Many of us think about international agreements as inherently public documents, but states commonly employ secret agreements as diplomatic tools. Russia and the United States concluded such an agreement in July to bar Iranian-backed foreign fighters from certain areas in Syria.
Ashley Deeks is a Professor of Law at the University of Virginia Law School and a senior fellow at UVA's Miller Center. She teachs and writes in the areas of national security law, international law, cyber, artificial intelligence, and government secrecy. She joined the Virginia faculty in 2012 after two years as an academic fellow at Columbia Law School. In 2021-21, she took leave from UVA to serve as the Deputy Legal Advisor for the National Security Council and Associate White House Counsel. Before joining UVA, she worked for ten years in the Legal Adviser's Office at the State Department, including as the Assistant Legal Adviser for Political-Military Affairs. In 2007-08 she held an International Affairs Fellowship from the Council on Foreign Relations. After graduating from the University of Chicago Law School, she clerked for Judge Edward Becker on the U.S. Court of Appeals for the Third Circuit.
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Several analysts, including Mike Schmitt and Liis Vihul at Just Security and Arun Sukumar at Lawfare, have highlighted (here and here) the collapse of the 2017 Group of Government Experts on Developments in the Field of Information and Telecommunications in the Context of International Security (GGE).
Many people are unaccustomed to thinking about Congress as a key player when it comes to foreign policy or international law outside of Congress’s few clearly established roles, such as providing advice and consent to treaty ratification or defining and punishing violations of the law of nations.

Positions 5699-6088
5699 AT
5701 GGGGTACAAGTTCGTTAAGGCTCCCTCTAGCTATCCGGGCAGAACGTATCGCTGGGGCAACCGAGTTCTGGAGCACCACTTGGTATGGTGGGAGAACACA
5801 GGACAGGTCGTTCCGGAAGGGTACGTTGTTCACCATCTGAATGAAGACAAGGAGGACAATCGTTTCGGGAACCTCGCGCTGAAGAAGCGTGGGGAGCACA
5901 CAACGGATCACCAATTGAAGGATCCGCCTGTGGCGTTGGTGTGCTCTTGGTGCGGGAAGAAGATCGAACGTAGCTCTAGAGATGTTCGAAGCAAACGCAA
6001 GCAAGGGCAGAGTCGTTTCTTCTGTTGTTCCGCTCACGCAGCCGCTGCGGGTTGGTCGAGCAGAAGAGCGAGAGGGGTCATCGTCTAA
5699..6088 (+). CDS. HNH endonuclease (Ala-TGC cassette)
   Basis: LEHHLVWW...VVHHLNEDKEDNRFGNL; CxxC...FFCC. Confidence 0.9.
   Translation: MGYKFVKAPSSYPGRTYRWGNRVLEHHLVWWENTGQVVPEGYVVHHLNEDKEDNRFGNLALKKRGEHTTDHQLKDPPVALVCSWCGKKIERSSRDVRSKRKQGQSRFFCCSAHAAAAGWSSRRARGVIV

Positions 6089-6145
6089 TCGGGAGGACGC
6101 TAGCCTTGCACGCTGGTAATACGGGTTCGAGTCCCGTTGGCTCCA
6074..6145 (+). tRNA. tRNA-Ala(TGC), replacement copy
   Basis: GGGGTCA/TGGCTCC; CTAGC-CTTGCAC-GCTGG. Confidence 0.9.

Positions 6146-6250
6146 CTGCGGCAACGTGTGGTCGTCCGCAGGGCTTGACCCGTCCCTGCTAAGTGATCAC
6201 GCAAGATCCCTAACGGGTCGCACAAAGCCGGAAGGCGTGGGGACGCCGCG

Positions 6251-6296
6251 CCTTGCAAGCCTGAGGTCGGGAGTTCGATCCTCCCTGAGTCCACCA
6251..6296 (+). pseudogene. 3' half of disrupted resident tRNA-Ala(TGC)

Early last year on Lawfare, Ashley discussed the 2015 Federal Aviation Administration (FAA) interim rule “establishing registration and marking requirements for small unmanned aircraft used recreationally—i.e., drones.” The post predicted that state and local laws as well as strong private forces all but guaranteed imminent litigation:
Late last week, CNN reported that the Justice Department is close to bringing criminal charges against Julian Assange, the founder of Wikileaks and a longtime resident of the Ecuadorean Embassy in London. Attorney General Jeff Sessions stated that Assange’s arrest is now a “priority.” DOJ has struggled for some time to determine whether and how to charge Assange.
As the Lawfare readership knows, the United States and its NATO allies relied on a series of factors in 1999 to argue that NATO’s intervention in Kosovo was legitimate. They used these factors to justify their intervention, though the factors served a second function of narrowing the ways in which others could use Kosovo as a precedent. But virtually no NATO state argued that the intervention was lawful, largely because the Charter does not legalize state uses of force in this context.
On Tuesday, Jack expressed concern about the possibility that the Trump presidency will end up being overly weak, and he highlighted a variety of actors who have robustly begun to check Trump’s exercises of power. One set of actors he did not include—but which have an important role to play here—are foreign military and intelligence services. Those foreign actors with whom the United States cooperates can play a powerful role in constraining U.S.